JUST IN: China Has ‘Theory of Victory’ to Defeat U.S. Military, Report Finds
China has not only closed the military capability gap and increased competition with the United States, but also has developed a strategy to defeat the United States in a potential conflict, according to a new report.
“The Future of Conflict and the New Requirements of Defense,” by the Special Competitive Studies Project — a bipartisan initiative promoting the adoption of emerging technologies in national security — outlines how advanced technologies such as artificial intelligence are “creating new ways to apply military force.”
China is looking to “harness these changes with the aim of eroding or even leapfrogging the United States’ military strengths,” the report said.
Over the last few decades, China has studied how the United States has traditionally fought wars using “networks of precision-guided munitions engaging each other,” or what the Chinese military refers to as “informatized warfare,” SCSP’s senior director for defense Justin Lynch said.
“They developed a theory of informatized warfare that describes how the United States fights and then developed system destruction warfare to be able to match — and they think defeat — the U.S. in informatized warfare,” Lynch said during a Defense Writers Group session Oct. 26.
Additionally, the Chinese want to be the “first movers” in the new mode of conflict they call “intelligentized warfare,” and by so doing become the world’s dominant military power, he said.
Intelligentized warfare utilizes emerging technologies such as AI, 5G networks and quantum computing to disrupt an adversary by attacking their ability to understand and perceive the world, Lynch said.
One area which gives China a potential advantage in developing intelligentized warfare capabilities is its fusion of military and civilian organizations, said SCSP senior advisor Ylber Bajraktari.
“The state directs the private companies there what to do,” Bajraktari said. “It speaks to their determination, their focus … their desire to resource the technological priorities that they really see as both key to overcoming some of the challenges that they're facing economically, demographically, militarily, but also to how they approach the rivalry [with the United States].”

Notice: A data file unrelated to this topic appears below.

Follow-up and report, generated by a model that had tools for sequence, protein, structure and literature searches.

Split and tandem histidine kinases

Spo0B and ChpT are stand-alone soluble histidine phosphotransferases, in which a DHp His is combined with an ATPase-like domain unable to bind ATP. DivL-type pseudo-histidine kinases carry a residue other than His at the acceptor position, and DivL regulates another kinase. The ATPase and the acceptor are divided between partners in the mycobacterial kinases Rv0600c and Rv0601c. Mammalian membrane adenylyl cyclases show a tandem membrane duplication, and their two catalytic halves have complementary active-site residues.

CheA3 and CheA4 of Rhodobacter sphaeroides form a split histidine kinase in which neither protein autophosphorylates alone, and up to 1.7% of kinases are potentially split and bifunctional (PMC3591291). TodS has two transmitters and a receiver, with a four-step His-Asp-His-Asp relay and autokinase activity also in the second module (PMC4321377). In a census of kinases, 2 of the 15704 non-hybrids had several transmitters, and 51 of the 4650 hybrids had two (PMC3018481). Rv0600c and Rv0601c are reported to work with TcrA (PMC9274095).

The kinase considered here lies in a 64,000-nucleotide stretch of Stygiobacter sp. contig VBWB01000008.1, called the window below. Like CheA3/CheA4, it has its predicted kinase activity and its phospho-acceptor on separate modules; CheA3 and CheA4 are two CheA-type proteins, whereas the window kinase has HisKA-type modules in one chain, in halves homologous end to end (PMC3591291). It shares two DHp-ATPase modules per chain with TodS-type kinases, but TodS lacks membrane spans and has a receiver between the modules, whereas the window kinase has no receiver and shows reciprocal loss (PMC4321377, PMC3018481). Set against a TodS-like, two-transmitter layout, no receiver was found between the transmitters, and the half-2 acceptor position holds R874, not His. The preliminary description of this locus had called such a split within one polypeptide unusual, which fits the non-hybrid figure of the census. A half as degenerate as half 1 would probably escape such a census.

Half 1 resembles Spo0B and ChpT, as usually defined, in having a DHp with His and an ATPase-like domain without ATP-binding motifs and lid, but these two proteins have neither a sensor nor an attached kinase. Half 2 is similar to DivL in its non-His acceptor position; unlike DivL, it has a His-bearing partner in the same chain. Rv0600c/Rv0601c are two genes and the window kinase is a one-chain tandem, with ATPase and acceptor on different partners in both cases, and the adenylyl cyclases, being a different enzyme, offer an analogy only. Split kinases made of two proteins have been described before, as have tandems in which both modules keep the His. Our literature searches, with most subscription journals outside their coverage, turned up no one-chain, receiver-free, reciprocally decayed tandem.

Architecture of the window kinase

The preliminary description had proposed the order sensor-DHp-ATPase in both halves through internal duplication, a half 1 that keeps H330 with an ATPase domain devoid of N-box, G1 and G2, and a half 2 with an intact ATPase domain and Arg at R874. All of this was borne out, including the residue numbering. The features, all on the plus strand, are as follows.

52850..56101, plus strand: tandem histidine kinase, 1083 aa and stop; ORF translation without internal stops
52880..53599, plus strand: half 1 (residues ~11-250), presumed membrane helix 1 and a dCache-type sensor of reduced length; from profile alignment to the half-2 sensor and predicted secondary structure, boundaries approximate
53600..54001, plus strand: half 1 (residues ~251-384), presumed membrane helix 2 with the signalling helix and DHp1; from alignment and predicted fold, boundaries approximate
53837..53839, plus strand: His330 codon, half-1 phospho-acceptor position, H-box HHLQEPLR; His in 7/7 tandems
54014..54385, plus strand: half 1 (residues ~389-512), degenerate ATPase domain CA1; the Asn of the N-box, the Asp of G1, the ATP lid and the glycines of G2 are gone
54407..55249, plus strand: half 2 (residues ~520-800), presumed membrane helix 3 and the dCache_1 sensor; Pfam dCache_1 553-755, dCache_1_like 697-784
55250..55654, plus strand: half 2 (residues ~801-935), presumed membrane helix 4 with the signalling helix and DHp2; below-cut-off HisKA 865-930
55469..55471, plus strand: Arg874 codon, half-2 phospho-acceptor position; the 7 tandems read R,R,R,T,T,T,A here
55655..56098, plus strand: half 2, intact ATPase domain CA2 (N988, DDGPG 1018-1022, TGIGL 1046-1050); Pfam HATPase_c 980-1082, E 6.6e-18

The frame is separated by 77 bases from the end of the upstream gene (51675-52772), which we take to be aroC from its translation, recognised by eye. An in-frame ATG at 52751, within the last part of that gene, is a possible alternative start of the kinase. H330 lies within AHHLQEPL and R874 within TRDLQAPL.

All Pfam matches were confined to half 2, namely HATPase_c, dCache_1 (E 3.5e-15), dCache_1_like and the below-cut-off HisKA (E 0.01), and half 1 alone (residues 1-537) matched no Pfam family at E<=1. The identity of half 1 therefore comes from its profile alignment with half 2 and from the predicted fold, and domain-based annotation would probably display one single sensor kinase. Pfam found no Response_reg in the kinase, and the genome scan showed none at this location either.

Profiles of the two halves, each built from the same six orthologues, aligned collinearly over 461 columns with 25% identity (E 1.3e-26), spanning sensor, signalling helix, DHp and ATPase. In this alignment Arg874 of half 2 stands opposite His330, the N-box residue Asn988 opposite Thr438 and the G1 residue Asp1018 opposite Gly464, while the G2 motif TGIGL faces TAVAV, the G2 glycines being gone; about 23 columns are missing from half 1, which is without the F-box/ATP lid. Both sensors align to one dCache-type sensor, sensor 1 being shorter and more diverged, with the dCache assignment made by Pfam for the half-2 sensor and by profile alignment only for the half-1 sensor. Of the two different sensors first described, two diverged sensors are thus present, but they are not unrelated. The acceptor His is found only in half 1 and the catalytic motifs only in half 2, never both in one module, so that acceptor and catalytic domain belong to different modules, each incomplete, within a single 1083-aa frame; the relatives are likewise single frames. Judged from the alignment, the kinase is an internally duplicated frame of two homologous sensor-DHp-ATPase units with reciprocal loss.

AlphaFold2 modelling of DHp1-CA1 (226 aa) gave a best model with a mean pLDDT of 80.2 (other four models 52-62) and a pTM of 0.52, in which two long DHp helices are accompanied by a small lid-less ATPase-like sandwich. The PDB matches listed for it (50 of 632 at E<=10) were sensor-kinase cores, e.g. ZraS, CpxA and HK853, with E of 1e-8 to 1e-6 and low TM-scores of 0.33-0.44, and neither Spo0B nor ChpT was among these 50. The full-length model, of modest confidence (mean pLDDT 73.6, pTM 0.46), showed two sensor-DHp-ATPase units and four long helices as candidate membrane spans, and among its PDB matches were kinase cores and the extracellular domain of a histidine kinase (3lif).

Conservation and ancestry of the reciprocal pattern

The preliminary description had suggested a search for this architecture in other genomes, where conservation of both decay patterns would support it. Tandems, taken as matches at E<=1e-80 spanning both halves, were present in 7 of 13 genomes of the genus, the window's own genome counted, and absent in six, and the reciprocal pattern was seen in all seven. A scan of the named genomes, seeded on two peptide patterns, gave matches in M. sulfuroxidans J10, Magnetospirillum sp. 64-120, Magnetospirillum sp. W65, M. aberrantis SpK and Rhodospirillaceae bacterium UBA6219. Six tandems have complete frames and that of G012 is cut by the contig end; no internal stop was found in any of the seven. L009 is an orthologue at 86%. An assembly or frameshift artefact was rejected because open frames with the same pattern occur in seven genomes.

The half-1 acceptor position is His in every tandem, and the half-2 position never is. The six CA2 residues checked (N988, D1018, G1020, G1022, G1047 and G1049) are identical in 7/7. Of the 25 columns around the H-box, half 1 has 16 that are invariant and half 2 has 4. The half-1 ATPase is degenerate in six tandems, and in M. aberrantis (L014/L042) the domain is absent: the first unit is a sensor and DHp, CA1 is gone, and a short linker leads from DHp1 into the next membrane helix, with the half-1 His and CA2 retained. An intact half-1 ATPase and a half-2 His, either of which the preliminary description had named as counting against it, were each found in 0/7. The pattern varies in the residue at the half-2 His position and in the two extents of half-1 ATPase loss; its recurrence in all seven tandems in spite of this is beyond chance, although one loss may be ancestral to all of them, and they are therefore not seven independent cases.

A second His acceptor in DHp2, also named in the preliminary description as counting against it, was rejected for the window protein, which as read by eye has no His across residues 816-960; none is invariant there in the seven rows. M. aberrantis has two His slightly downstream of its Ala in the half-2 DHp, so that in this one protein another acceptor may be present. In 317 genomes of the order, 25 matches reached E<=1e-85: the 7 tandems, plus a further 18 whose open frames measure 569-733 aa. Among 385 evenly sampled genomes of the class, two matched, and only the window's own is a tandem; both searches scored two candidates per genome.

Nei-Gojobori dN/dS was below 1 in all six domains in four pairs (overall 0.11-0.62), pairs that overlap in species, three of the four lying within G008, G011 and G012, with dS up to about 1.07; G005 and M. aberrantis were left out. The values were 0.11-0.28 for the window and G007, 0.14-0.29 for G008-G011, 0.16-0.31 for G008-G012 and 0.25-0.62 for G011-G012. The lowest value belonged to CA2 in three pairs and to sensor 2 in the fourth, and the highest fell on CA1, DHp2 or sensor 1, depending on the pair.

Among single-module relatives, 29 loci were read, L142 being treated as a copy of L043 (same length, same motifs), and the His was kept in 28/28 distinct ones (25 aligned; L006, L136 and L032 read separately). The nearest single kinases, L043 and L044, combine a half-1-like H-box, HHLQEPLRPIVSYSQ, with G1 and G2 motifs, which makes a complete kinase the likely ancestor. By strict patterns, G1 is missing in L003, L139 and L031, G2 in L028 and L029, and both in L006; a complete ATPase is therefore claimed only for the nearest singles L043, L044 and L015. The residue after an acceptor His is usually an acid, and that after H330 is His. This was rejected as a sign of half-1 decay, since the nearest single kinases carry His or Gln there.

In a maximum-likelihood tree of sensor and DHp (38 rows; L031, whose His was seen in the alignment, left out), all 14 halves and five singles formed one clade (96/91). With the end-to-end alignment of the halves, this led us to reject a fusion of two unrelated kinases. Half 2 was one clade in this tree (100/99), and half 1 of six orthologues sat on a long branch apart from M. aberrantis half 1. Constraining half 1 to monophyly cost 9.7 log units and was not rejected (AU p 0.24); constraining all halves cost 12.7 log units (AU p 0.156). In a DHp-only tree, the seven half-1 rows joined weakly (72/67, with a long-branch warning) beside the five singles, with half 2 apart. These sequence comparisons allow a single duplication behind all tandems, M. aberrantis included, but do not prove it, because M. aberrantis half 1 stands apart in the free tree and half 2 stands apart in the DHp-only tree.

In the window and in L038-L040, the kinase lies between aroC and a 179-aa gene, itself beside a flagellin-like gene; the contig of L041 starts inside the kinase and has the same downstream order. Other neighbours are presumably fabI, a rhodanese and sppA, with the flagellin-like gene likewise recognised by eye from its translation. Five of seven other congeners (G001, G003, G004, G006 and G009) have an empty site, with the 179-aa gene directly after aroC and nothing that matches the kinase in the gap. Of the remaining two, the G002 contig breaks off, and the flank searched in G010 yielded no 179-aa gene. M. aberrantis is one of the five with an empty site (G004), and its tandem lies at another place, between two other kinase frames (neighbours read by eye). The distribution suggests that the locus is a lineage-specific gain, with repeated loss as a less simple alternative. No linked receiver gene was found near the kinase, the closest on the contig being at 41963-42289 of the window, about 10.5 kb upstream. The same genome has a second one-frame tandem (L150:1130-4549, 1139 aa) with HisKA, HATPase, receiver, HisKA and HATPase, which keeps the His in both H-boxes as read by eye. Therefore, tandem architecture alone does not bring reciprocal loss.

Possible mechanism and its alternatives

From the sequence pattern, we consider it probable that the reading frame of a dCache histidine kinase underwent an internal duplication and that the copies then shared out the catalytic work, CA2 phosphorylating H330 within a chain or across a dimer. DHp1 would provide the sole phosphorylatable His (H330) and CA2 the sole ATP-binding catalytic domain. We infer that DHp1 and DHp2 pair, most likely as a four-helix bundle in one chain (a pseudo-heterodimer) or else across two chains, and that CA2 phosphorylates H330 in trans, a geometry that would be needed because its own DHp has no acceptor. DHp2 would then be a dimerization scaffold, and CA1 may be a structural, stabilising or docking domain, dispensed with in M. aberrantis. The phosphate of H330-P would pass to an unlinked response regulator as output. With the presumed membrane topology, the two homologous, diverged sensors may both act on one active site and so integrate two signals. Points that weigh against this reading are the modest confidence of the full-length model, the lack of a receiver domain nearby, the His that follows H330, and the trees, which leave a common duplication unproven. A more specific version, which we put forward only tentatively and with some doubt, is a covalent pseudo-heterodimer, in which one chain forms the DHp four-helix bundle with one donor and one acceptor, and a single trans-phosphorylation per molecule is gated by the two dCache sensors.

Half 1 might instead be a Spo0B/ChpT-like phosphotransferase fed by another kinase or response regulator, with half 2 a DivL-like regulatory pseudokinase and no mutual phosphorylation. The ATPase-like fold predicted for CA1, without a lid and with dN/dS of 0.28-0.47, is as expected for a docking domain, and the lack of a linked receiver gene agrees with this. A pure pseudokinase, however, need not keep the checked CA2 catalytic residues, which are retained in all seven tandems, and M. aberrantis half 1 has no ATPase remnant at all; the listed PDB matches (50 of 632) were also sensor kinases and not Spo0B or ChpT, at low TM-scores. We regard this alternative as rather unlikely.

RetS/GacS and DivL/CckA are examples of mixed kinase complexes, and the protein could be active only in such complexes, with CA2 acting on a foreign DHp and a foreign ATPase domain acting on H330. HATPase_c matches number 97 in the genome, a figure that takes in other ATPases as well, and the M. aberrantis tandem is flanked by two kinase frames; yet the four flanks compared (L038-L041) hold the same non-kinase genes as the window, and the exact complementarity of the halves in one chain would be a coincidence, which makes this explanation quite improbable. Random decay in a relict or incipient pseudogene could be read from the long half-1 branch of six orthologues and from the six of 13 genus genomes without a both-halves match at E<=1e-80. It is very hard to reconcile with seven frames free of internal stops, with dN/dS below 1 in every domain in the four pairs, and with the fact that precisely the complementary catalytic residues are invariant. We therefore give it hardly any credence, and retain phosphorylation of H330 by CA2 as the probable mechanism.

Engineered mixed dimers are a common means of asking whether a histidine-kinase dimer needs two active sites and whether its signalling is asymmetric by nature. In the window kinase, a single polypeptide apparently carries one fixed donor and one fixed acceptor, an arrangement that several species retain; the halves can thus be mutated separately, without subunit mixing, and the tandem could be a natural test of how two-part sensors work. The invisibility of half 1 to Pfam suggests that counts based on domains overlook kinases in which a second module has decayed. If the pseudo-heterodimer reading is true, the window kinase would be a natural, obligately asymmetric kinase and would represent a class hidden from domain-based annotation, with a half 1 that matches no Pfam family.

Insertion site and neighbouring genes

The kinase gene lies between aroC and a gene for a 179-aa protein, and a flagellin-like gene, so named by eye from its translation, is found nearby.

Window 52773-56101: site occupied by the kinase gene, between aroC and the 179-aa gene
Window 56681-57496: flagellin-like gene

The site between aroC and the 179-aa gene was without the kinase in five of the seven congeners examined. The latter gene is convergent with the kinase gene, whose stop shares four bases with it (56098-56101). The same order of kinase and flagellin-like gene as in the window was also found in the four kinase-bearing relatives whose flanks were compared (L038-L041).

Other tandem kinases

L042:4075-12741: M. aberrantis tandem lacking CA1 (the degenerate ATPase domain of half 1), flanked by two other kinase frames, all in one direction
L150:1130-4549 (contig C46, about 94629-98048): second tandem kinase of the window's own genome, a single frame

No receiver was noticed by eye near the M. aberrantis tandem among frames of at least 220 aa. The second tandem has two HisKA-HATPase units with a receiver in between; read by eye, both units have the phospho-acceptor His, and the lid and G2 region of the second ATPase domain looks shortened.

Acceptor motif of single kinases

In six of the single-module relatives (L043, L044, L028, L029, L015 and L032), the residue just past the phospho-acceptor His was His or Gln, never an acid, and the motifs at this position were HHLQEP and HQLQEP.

One of the SCSP’s 10 recommendations in the report calls for the United States to “implement a new public-private partnering model with industry, academia, investors and civil society.”
“How do we harness the capital, the knowledge, the innovation, that now resides primarily outside the government — in contrast to the Cold War, where most of the innovation was happening inside the government, most of the [research-and-development] was paid for by the government?” Bajraktari said. “How do you bring some sort of a model that harnesses this, that's reflective of our ideology as a country, our democratic system of governance, but that is responsive to the state geopolitical competition?”
Other SCSP recommendations included embracing network-based operations, gaining and maintaining advantages in human-machine teaming and software and developing counter-autonomy capabilities.
Despite China’s significant technological strides, “asymmetries” such as the United States’ demonstrated ability to conduct joint operations and its strong partnerships with allies would give the country a powerful advantage in a potential conflict, Lynch said.
“Even if China were to be able to replicate the technology that we have, we can deploy it and employ it in a way that's difficult for them to match,” he said. “If we plan that out effectively, it means that we have capabilities that are difficult to duplicate that we can use to our advantage.”